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Social Curation Will Not Cure Your C.P.A.

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I was sitting in Austin a few weeks ago waiting to go have drinks on Dirty Sixth Street. I’d been thinking about C.P.A. and was reading a post from 2006 on the Three Minds blog. I was inspired by their illustration and drew an updated version. What do you think?

Social curation will not cure your C.P.A.

If you’re asking what’s C.P.A. or think I’m talking about accountants, don’t feel bad. That’s not what I’m talking about. C.P.A. also stands for continuous partial attention. I first heard my friend Stewart Quealy mention it a few months ago “Dude, I can’t reach anyone in NYC in the summer – they’re either vacationing or have too much C.P.A.

Linda Stone, a leader in the digital revolution (headed up the social computing group at Microsoft in the early 90′s) and digital bon vivant coined the term in 1998.

Continuous partial attention describes how many of us use our attention today. It is different from multi-tasking. The two are differentiated by the impulse that motivates them. When we multi-task, we are motivated by a desire to be more productive and more efficient. We’re often doing things that are automatic, that require very little cognitive processing. We give the same priority to much of what we do when we multi-task — we file and copy papers, talk on the phone, eat lunch — we get as many things done at one time as we possibly can in order to make more time for ourselves and in order to be more efficient and more productive. To pay continuous partial attention is to pay partial attention — CONTINUOUSLY. It is motivated by a desire to be a LIVE node on the network. Another way of saying this is that we want to connect and be connected. We want to effectively scan for opportunity and optimize for the best opportunities, activities, and contacts, in any given moment. To be busy, to be connected, is to be alive, to be recognized, and to matter. We pay continuous partial attention in an effort NOT TO MISS ANYTHING. It is an always-on, anywhere, anytime, any place behavior that involves an artificial sense of constant crisis. We are always in high alert when we pay continuous partial attention. This artificial sense of constant crisis is more typical of continuous partial attention than it is of multi-tasking.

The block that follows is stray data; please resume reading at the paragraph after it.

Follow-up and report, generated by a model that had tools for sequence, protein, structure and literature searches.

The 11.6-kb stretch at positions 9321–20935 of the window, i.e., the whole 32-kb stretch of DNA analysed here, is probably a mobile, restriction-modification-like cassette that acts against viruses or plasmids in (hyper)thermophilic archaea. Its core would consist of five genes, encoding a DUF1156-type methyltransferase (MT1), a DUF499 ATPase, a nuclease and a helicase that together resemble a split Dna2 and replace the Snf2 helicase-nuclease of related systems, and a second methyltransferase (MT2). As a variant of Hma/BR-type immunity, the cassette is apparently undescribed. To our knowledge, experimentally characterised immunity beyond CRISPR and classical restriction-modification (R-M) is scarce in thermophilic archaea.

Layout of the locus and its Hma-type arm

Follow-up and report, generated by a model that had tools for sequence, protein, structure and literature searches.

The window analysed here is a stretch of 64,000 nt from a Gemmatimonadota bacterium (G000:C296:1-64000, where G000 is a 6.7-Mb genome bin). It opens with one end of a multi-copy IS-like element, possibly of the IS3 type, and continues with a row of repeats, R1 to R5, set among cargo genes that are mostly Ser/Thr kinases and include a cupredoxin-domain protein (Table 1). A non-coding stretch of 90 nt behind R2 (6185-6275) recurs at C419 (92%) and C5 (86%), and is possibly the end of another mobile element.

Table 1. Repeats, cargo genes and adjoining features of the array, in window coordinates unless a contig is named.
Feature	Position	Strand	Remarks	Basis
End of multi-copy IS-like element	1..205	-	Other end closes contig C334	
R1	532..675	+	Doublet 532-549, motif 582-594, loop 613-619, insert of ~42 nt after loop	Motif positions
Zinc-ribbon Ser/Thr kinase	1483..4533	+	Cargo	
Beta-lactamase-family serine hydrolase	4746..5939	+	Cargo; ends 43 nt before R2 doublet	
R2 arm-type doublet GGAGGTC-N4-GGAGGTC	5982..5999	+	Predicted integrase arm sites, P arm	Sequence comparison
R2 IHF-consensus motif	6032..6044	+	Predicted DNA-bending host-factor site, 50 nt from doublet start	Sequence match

Yeah, I know. This describes you. Me too. Social curation might help your continuous partial attention tendencies.

Social Curation can make for a consumable “social” experience. Find some curators to guide your social experience. Hopefully they’re passionate about this role and are real authorities on the matters that interest you. Pick two or three people. Hopefully different in their outlook. Perhaps two or three trusted publications. That’s all I think you can realistically consume. I don’t read the silly automated dailies and best of lists. If it’s link bait – I might check it out – but I’ve made a note to never take that person seriously again. The social web is like a tidal wave. Who has time to vet it all? That’s what your social curators will hopefully do for you. Select. Organize. and Present to to you.

But let’s get real. Social Curation will not cure your C.P.A.

Here’s a couple of ideas that might help a little more.

Block Time for Important Things. My team started suggesting I shut my laptop. I followed by setting my phone aside. I don’t need to be constantly ready for emergencies. Honestly there aren’t that many. Give your important meetings your best shot. More importantly give your friends and your family the best quality time possible. Yeah, easy to say, I know. I struggle with this one too. My friend Aaron Douglas and I block time for adventures and real conversation. My wife and I take walks with no technology. I’m thinking about doing no laptops and no cell phone meetings at our company – at least some of the time.

No one needs to be on all the time. There is no need to be on all the time. No need to communicate or connect incessantly.

Breathe. Experience Life. Life is about so much more that digital connections. Experiencing weather (and I mean being in it – not watching it). Watching films with other people in a cinema. Talking to people in the flesh so you can feel their reactions.

Remember: you can’t do it all (and do it well). You can’t.

So why not do one thing well? (And find some social curators too.)

About Duncan Alney

is the leader of the passionate Firebelly Social team. He loves working with people with vision who expect the best of themselves and the people they work with. He also believes that happiness is a critical part of his personal and professional life equation, and works to be happy about whatever he's doing.

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